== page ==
How to Determine the Average Contribution Margin per Hour

by Carter McBride - Updated September 26, 2017

Contribution margin tells you how much money you have left over to pay any fixed costs. In accounting, there are two types of costs: variable and fixed. Fixed costs are costs that do not change with a change in output. For example, rent is always the same no matter how many units you make. Variable costs are costs that change with more units make, like raw material costs. You can calculate your contribution margin per hour if you know your hours worked during the year.

Find your total sales for the year, all variable costs for the year and total hours worked. Do not include fixed costs. So any costs that are the same month-to-month should not be part of this calculation. For example, assume you have $100,00 sales, $70,000 of variable costs and had working time of 400 hours.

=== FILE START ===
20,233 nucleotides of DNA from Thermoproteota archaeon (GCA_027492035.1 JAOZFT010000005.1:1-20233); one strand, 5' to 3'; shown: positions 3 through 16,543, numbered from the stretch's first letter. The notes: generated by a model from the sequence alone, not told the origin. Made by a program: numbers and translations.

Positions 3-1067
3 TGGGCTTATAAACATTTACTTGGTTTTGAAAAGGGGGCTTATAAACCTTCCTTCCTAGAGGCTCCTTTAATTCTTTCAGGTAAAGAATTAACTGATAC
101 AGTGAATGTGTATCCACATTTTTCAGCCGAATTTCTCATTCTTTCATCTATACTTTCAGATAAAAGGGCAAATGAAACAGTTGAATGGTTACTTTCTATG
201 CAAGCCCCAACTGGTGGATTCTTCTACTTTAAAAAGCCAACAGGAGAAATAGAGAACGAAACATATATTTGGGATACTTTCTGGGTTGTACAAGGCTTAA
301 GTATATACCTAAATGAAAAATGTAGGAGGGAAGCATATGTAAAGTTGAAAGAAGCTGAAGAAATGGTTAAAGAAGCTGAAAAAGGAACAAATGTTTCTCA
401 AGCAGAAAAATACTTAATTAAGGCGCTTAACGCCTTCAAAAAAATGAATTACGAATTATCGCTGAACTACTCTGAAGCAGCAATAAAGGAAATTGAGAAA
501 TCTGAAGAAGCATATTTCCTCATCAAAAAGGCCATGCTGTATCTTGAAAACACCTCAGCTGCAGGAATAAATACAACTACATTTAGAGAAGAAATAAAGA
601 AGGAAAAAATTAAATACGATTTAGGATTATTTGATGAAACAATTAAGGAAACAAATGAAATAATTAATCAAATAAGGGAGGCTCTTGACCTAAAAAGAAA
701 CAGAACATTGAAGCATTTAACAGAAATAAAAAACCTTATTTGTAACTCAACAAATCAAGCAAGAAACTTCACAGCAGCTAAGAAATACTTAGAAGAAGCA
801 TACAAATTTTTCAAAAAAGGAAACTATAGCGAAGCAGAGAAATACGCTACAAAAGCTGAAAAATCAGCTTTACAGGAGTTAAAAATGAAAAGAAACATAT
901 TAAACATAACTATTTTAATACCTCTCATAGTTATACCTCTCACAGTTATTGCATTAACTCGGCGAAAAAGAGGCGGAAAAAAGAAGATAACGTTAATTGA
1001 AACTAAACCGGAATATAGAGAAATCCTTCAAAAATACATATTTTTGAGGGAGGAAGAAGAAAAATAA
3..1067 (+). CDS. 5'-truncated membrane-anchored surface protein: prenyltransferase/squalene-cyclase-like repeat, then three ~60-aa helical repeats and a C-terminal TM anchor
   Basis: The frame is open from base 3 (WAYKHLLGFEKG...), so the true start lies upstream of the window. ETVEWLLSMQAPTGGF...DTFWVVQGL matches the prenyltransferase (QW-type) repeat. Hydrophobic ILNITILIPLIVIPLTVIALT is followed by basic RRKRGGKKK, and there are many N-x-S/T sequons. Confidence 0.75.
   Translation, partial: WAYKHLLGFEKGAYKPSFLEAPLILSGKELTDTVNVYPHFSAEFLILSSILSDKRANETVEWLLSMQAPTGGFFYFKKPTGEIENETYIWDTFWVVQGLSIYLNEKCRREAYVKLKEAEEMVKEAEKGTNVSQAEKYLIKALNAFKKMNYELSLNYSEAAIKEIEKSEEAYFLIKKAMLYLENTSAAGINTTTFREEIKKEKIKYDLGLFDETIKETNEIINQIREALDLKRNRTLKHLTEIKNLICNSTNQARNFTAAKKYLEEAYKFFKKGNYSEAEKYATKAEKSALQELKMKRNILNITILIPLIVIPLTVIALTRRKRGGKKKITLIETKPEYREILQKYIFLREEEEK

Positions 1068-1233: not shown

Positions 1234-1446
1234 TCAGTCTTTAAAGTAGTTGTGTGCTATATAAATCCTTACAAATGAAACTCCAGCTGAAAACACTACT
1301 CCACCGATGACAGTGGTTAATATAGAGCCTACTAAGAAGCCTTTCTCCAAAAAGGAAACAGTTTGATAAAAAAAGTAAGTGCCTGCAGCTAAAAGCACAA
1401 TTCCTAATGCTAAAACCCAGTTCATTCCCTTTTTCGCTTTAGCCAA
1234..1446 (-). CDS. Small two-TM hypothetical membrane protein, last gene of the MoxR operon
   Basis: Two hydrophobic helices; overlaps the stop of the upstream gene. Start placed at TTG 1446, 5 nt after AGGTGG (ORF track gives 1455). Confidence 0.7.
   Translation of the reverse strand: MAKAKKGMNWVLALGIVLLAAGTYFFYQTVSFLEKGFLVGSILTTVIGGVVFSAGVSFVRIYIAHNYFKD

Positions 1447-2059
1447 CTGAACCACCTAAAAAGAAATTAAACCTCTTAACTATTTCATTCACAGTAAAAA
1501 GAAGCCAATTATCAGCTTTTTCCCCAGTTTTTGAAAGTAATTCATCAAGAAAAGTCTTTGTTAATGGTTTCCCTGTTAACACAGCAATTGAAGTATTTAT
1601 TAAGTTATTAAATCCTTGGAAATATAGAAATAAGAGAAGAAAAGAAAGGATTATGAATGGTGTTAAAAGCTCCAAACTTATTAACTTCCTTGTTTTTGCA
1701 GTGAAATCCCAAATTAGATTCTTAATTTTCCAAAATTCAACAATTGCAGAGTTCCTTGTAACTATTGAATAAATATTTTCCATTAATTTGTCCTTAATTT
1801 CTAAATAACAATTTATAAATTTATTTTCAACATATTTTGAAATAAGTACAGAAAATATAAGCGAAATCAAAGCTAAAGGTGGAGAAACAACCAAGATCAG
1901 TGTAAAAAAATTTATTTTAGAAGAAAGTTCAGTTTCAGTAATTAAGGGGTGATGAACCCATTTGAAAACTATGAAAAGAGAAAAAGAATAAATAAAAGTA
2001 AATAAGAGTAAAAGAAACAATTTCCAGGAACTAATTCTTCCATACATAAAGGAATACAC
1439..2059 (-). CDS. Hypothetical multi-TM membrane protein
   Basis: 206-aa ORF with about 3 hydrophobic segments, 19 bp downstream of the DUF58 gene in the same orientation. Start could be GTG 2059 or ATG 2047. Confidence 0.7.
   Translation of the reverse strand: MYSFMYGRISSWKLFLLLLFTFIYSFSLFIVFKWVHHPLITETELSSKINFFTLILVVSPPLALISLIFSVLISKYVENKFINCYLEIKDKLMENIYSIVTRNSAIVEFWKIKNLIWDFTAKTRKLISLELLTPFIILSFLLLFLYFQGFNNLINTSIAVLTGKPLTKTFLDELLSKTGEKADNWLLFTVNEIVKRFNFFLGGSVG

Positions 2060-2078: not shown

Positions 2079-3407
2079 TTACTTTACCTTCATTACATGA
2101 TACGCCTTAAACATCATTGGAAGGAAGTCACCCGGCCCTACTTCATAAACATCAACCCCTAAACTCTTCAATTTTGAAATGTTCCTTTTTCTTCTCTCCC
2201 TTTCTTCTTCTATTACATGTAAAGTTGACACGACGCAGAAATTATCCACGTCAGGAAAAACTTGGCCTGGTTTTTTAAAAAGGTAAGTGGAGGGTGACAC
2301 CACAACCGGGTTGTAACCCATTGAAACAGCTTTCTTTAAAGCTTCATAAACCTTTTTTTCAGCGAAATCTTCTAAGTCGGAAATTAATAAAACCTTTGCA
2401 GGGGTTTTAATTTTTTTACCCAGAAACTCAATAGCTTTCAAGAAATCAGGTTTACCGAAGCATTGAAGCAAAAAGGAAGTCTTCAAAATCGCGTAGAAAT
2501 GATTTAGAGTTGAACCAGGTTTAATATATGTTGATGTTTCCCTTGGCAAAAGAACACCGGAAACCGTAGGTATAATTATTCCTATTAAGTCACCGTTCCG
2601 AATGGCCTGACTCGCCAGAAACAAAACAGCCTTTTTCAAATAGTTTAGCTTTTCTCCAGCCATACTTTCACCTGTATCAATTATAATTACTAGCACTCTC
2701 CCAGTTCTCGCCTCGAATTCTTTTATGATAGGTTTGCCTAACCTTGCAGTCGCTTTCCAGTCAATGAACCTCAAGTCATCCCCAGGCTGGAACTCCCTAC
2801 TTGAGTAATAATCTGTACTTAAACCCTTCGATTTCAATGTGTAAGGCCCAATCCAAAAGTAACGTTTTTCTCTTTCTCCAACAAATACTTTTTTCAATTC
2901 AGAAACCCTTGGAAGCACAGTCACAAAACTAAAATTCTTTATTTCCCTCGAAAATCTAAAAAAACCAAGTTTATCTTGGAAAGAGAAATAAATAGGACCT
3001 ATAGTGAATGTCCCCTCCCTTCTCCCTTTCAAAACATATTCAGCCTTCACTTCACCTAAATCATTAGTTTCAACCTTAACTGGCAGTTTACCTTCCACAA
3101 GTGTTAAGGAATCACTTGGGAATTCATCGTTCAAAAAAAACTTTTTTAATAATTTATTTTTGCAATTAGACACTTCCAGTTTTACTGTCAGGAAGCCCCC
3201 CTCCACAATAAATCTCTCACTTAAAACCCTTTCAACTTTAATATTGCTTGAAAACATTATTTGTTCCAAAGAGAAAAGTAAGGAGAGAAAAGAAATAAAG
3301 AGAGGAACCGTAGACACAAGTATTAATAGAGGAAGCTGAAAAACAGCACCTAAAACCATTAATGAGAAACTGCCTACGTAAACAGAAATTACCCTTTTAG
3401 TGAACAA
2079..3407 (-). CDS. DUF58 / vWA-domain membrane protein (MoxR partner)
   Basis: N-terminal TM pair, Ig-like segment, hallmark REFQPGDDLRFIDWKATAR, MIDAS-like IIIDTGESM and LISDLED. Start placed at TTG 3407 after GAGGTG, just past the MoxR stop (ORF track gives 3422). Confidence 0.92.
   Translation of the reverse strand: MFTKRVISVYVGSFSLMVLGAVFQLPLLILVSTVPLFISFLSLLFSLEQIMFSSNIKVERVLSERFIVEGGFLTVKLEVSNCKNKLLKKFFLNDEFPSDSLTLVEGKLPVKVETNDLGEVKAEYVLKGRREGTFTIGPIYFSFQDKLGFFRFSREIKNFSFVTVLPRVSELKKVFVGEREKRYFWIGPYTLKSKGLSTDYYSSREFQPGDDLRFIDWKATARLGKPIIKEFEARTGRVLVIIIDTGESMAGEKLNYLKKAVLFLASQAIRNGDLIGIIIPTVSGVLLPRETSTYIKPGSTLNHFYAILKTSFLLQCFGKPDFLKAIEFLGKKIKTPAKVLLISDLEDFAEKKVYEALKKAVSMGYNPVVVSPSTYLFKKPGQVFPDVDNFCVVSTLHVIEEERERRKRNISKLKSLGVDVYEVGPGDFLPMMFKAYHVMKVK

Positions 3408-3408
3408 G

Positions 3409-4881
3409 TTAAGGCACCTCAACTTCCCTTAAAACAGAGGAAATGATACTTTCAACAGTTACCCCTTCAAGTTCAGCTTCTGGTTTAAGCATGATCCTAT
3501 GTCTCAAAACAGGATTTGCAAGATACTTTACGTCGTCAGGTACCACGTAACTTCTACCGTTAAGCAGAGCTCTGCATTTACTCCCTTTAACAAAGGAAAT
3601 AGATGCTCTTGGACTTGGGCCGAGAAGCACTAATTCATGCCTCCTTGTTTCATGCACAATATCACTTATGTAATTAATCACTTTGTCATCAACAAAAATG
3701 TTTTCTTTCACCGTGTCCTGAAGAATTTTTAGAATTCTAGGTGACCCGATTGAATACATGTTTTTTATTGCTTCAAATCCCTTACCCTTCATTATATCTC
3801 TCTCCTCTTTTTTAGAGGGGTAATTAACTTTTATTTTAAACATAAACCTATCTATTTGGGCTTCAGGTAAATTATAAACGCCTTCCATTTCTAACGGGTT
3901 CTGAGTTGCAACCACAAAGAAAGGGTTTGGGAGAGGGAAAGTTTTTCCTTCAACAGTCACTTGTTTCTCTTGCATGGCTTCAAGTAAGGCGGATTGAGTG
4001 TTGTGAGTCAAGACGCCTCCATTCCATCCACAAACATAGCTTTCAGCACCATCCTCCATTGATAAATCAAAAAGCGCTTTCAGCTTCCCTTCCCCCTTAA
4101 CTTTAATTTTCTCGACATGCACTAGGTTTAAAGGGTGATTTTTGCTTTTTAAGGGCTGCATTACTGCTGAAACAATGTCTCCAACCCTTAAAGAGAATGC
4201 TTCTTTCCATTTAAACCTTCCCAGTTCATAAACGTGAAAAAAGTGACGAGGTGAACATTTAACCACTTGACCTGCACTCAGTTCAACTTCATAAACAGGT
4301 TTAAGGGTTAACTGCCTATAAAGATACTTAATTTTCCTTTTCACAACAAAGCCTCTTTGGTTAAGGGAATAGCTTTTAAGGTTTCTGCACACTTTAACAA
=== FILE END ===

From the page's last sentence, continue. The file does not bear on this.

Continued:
Subtract variable costs from sales to calculate your yearly contribution margin. In the example, $100,000 minus $70,000 equals a contribution margin of $30,000.

Divide your contribution margin by the number of hours worked to calculate contribution margin per hour. In the example, $30,000 divided by 400 hours equals $75 per hour.

About the Author

Carter McBride started writing in 2007 with CMBA's IP section. He has written for Bureau of National Affairs, Inc and various websites. He received a CALI Award for The Actual Impact of MasterCard's Initial Public Offering in 2008. McBride is an attorney with a Juris Doctor from Case Western Reserve University and a Master of Science in accounting from the University of Connecticut.

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